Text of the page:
Sun reworking Java plug-in technology in Java SE 6

Sun is pursuing the consumer, enterprise markets by extending Java and rich experiences to various devices

With an eye toward both consumer and enterprise needs, Sun Microsystems is reworking the plug-in architecture of Java in an upcoming update to Java Platform Standard Edition (SE) 6, company officials said Wednesday evening.

Overall, Sun officials at a briefing in San Francisco stressed the company's new emphasis on not just the enterprise space but consumer systems as well, with the company extending Java and rich experiences to various devices.

With the plug-in platform, a ground-up rewrite is under way, said Ken Russell, from the Java SE deployment team. "This will change how your poker game in [a] Web browser is run as well as your corporate app," Russell said.

The new architecture is planned for inclusion in the upcoming beta of what is now being referred to as Java SE 6 Update N, due in December.

"Really, the defining feature of it is that it runs the applets in a separate process than the Web browser," Russell said.

Features of the plug-in plan include improved scripting support and reliability. More powerful applications can be supported than in the past. Users will be able to tune an applet to run in a particular version of the Java Runtime Environment (JRE); this will enable developers to target one JRE without having to change the behavior of any other applet. Testing also will be simplified.

In addition, better backing will be offered for Windows Vista, including capabilities for signed applets. Support will be offered for Internet Explorer 6 and 7 browsers as well as for Firefox 3 alpha builds and the Firefox 2 browser. Platforms capable of running the plug-in include Solaris, Windows and Linux.

Current plans call for the plug-in technology to be turned on via a switch in the Java control panel.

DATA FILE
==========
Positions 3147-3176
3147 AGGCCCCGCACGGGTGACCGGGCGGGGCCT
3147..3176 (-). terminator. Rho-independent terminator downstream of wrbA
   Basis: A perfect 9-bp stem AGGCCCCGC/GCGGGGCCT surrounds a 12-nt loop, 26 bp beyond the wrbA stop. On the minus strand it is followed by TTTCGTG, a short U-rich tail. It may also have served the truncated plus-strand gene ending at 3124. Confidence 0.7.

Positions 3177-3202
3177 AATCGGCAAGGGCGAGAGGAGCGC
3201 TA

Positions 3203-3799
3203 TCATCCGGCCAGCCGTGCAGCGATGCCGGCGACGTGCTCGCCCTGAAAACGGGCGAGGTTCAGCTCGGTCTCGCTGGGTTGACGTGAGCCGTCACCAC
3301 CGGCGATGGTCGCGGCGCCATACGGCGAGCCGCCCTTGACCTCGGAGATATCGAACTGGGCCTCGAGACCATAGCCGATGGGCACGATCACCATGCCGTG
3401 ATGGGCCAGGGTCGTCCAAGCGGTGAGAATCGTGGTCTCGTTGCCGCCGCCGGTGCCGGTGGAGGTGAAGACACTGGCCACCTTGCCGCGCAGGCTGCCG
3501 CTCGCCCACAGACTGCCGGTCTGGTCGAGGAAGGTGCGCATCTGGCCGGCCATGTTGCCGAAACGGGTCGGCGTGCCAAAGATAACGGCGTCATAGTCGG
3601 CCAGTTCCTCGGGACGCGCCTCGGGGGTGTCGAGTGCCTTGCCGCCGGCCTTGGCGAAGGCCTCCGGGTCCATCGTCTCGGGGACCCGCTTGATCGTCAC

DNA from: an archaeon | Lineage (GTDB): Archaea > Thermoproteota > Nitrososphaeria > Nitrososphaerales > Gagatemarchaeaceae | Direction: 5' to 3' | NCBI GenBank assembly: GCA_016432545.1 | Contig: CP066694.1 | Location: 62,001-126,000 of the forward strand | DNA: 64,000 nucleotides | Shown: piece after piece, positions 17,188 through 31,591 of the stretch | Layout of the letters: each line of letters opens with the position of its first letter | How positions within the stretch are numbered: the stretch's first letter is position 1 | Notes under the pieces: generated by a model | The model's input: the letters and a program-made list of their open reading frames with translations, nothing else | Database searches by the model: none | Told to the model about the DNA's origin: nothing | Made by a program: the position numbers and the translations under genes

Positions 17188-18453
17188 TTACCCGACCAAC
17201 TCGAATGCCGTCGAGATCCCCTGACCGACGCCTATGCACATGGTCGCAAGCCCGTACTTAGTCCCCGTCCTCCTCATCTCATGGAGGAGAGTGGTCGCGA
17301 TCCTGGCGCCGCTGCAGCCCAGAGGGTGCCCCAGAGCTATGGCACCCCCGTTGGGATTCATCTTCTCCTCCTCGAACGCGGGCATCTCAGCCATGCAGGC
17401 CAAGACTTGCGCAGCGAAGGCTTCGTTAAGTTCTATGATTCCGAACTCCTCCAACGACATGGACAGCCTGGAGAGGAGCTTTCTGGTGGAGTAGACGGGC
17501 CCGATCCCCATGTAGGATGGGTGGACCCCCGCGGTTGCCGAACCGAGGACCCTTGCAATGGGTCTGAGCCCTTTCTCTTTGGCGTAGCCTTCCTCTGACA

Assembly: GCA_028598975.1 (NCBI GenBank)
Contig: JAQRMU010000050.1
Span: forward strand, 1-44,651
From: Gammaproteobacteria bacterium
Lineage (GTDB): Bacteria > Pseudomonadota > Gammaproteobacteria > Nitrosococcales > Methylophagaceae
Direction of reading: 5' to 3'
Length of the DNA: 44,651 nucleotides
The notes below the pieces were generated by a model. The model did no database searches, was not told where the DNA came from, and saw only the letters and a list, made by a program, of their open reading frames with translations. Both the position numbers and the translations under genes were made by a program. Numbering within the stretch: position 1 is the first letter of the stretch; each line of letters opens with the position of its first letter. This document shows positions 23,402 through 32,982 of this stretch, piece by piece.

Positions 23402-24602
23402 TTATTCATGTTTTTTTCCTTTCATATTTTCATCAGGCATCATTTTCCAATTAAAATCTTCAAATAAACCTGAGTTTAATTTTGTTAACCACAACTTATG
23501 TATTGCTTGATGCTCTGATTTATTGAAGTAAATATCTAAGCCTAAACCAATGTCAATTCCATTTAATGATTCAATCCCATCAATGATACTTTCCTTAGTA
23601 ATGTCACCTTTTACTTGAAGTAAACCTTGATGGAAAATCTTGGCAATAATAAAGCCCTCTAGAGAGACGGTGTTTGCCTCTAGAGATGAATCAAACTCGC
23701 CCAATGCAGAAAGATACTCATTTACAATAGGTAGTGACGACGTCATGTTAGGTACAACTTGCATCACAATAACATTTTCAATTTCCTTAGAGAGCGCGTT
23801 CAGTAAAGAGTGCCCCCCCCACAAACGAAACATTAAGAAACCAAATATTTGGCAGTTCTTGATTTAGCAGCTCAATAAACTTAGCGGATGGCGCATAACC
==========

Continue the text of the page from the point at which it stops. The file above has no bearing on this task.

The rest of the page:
Sun also delved into other features planned for Java SE 6 Update N.

"Update N is about fixing the consumer experience," with a more solid browser plug-in experience and a better installation experience, said Chet Haase, Java SE client architect. Sun also wants to better enable Java for rich Internet applications.

A faster startup for Java is also planned. This is important in the Web ad and lightweight game space, Haase said. Also planned is inclusion of technology from a project called Quickstarter, which preloads disk cache to bolster performance of lightweight applications. Faster graphics is planned as well, as is Nimbus, which provides a new look and feel for Java Swing client systems.

Haase also noted Sun's plan for the Java Kernel, which enables downloading just the parts of Java that are needed to run an application. While that application is running, the rest of the platform is downloaded.

James Gosling, chief technology officer for the Sun client software group, reviewed plans for JavaFX, which is Sun's platform for building rich, consistent user experiences for a wide variety of devices and systems.

"JavaFX really is a marketing term that is sort of an umbrella for a set of activities," Gosling said. The platform covers consumer-facing technologies and features a services layer based on Java and a database, a presentation layer with HTTPD, and an edge device component, covering desktops to phones to TVs.

"This edge part of the universe -- this is what JavaFX is all about," said Gosling.

Featured in JavaFX is JavaFX Mobile, which is a software stack for mobile phones; Java SE 6 Update N, also known as the consumer JRE; the JavaFX Script scripting language, and JavaFX designer and developer tools.

"[JavaFX Script is] a scripting language sort of in the sense of PHP [Hypertext Preprocessor] and Python and all the rest of them. But while those are focused at generating HTML from the presentation layer outward, JavaFX Script is really all about rich user interactions," Gosling said.

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Paul Krill

InfoWorld

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